Attractive to us and attractive to wildlife; Cup Plant fosters a habitat with a native ecosystem and works in conjunction with the environment to create a full perennial hedge. The beautiful, large-yellow flowers look similar to a Sunflower or a large, yellow Aster, and bloom in the hottest months of the summer (July-September). At the peak of the season, this native Wisconsin flower can create privacy with its large size, which is uncommon for perennials. This maintenance-free plant will also make the perfect addition to a rain garden!
Cup Plant is a wonderful addition to any prairie, woods, bank, or butterfly garden. Reaching upwards of 8′ tall, it is a dominant vertical accent to any area. The blooms will open in July and persist into September when the colder nights encourage the plant to seed. Cup Plant needs full sun and is easily propagated by seed collected in late September and October. Tolerant of wet conditions, it’s a perfect match for a rain garden or wet site. Growing tall, Cup Plant can over-crowd a smaller perennial garden. A central taproot will hold the large stalk steady while it spreads by shallow rhizomes to reproduce vegetatively.
The name “cup plant” comes from the physical characteristic the plant has with its’ middle leaves. If you look closely, you’ll see that there are no petioles and that the opposite leaves are attached to form a cup. This cup catches rainwater and is used by insects and birds for water and nesting.
Cup Plant flowers provide a wonderful feast for native bees and provides a balanced structure and materials for bees to nest. Water caught in the cup-like leaves acts like a birdbath while the large seed heads provide food to birds.
Cup Plant attracts hummingbirds, monarchs, skippers, moths, and a diversity of bees, wasps, and bee flies. It is the host plant for the Silphium moth (Tabenna silphiella) and Giant Eucosma moth (Eucosma giganteana). Variegated Fritillary (Euptoieta claudia), Fiery Skipper (Hylephila phyleus), and Eastern Tiger Swallowtail butterflies (Papilio glaucus) visit seeking nectar. Cuckoo bees (Triepeolus spp.), Green Sweat bees (Agapostemon spp.), Long-horned bees (Melissodes spp.), Bumblebees (Bombus spp.), Leafcutter bees (Megachile spp.), and Mining bees (Andrena spp.) will stay busy drinking nectar from the flowers.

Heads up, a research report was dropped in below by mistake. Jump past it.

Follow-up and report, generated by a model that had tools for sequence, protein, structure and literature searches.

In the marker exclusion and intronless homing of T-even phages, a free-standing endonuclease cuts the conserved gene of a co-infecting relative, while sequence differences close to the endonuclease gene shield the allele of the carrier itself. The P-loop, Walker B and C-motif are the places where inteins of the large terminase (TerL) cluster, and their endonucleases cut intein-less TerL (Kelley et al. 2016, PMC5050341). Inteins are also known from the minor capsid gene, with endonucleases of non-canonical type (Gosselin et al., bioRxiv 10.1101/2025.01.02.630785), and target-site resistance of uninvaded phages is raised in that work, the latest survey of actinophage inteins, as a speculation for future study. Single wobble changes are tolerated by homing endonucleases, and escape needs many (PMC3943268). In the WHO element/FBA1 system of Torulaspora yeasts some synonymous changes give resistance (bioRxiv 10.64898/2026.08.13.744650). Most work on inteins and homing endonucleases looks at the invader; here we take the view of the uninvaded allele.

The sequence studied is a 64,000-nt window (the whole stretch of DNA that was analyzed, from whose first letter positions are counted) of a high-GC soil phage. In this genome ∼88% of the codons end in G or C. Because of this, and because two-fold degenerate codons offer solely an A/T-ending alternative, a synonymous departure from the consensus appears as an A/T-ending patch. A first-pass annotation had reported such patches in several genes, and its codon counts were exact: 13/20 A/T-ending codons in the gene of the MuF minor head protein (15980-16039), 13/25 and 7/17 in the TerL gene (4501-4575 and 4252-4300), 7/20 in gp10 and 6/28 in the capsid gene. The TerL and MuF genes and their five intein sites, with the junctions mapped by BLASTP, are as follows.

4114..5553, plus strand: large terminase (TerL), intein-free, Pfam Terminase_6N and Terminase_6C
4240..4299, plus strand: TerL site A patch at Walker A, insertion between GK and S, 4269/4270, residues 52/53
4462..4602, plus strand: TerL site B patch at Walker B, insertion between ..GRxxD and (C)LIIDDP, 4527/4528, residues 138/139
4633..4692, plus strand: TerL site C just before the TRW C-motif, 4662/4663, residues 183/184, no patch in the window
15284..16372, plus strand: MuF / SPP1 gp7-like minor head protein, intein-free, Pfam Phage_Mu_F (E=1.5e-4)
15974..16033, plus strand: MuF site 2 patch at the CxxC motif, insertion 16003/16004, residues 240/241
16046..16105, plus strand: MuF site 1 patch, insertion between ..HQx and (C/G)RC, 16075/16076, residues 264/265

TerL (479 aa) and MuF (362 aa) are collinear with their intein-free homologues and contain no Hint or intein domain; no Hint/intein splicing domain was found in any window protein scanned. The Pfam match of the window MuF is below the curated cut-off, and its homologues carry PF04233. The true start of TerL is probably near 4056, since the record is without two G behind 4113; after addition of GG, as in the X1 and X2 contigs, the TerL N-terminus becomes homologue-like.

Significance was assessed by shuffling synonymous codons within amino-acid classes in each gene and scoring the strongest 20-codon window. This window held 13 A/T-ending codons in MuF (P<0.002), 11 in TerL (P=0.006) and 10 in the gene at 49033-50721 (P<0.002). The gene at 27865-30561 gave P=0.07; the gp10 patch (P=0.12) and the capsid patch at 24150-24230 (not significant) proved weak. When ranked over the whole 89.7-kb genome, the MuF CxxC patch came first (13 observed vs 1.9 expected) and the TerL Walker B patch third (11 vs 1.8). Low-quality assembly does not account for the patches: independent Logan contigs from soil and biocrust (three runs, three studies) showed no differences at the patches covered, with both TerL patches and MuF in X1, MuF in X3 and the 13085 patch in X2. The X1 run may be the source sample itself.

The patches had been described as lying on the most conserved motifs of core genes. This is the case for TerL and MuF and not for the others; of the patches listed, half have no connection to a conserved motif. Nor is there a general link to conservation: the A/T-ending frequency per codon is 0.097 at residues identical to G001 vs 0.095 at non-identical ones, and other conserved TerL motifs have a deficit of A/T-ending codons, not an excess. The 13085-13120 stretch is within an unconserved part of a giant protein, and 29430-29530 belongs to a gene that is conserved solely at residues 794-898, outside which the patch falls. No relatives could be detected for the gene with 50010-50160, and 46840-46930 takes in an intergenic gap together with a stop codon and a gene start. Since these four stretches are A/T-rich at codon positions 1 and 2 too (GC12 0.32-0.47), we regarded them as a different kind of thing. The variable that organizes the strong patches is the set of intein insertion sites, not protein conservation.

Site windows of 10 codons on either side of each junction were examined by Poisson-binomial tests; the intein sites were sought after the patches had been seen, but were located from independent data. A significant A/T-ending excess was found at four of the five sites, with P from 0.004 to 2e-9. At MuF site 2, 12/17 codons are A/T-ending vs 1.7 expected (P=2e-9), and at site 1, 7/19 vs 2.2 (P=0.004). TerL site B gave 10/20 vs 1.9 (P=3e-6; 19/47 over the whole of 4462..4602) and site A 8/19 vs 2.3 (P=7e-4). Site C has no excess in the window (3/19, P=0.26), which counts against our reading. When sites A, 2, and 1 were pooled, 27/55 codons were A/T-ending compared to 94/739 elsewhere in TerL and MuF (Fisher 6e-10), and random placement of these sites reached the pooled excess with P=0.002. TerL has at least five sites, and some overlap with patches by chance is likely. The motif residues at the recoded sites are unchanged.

Katydids feed on the leaves and large populations of aphids may reside on the underside of leaves. This is great news for Ladybug larvae and Brown Lacewing larvae as they are both predators of aphids.
Gold Finches are known to drink water from the cups and take shelter in the dense stems.
Cup Plant is a maintenance-free, easy grower. You’ll know your cup plant has been successfully established in your landscape once it begins to produce seed. This may take a year or two; however, it will flourish after it’s established. Stems can be cut back to the ground if the plant is encroaching other areas. Be sure to only prune a couple of stalks in a growing season because creating a wound can leave any plant vulnerable to infection. If in a drought, it may drop lower leaves until vigor can be returned to the upper leaves and flowers. Brown buds or leaves, stunted growth, and aborted blossoms are indications of stress. Again, it’s a maintenance-free plant, so first consider whether or not external factors (light, water, soil, etc.) are meeting this plant’s needs.
Cup Plant doesn’t have any major pests or diseases. Native wildlife, such as the Gall Wasp will feed within the stems of the leaves. This can attract a parasitic wasp; however, this process will not affect the health of the plant.
Since it’s a tall, leggy plant, strong winds may cause it to fall over, this can also occur from the weight of the blooms. This is a normal characteristic of the plant and can either be left alone, or you can stake the plant.
The genus name Silphium comes from the Greek word for ‘Silphion’ a plant also known as ‘laserwort’ or ‘laser.’ The resin exuded from the stems of this genus was once made into chewing gum to prevent nausea and vomiting. The specific epithet perfoliatum is said to be translated to “leaf surrounding or embracing the stem.” This family of plants was found by Carl Linnaeus, an 18th century Swedish Botanist and the developer of the binomial nomenclature of modern taxonomy.
Cup Plant is a great plant for a large, wetland garden, and can be paired with other tall natives, like Ironweed, Spotted Joe-Pye Weed, Meadow Rue, Spiderwort, Wild Quinine. Combine with shrubs like Gray Dogwood or trees like Black Cherry to really befriend all the birds. Some smaller perennials that would look great in front of the Cup Plant include Wild Bergamot, Wild Geranium, Prairie Smoke, Anise-Hyssop, and many more. Cup Plant makes a great backdrop for a perennial garden or an integral piece of a wetland hedge.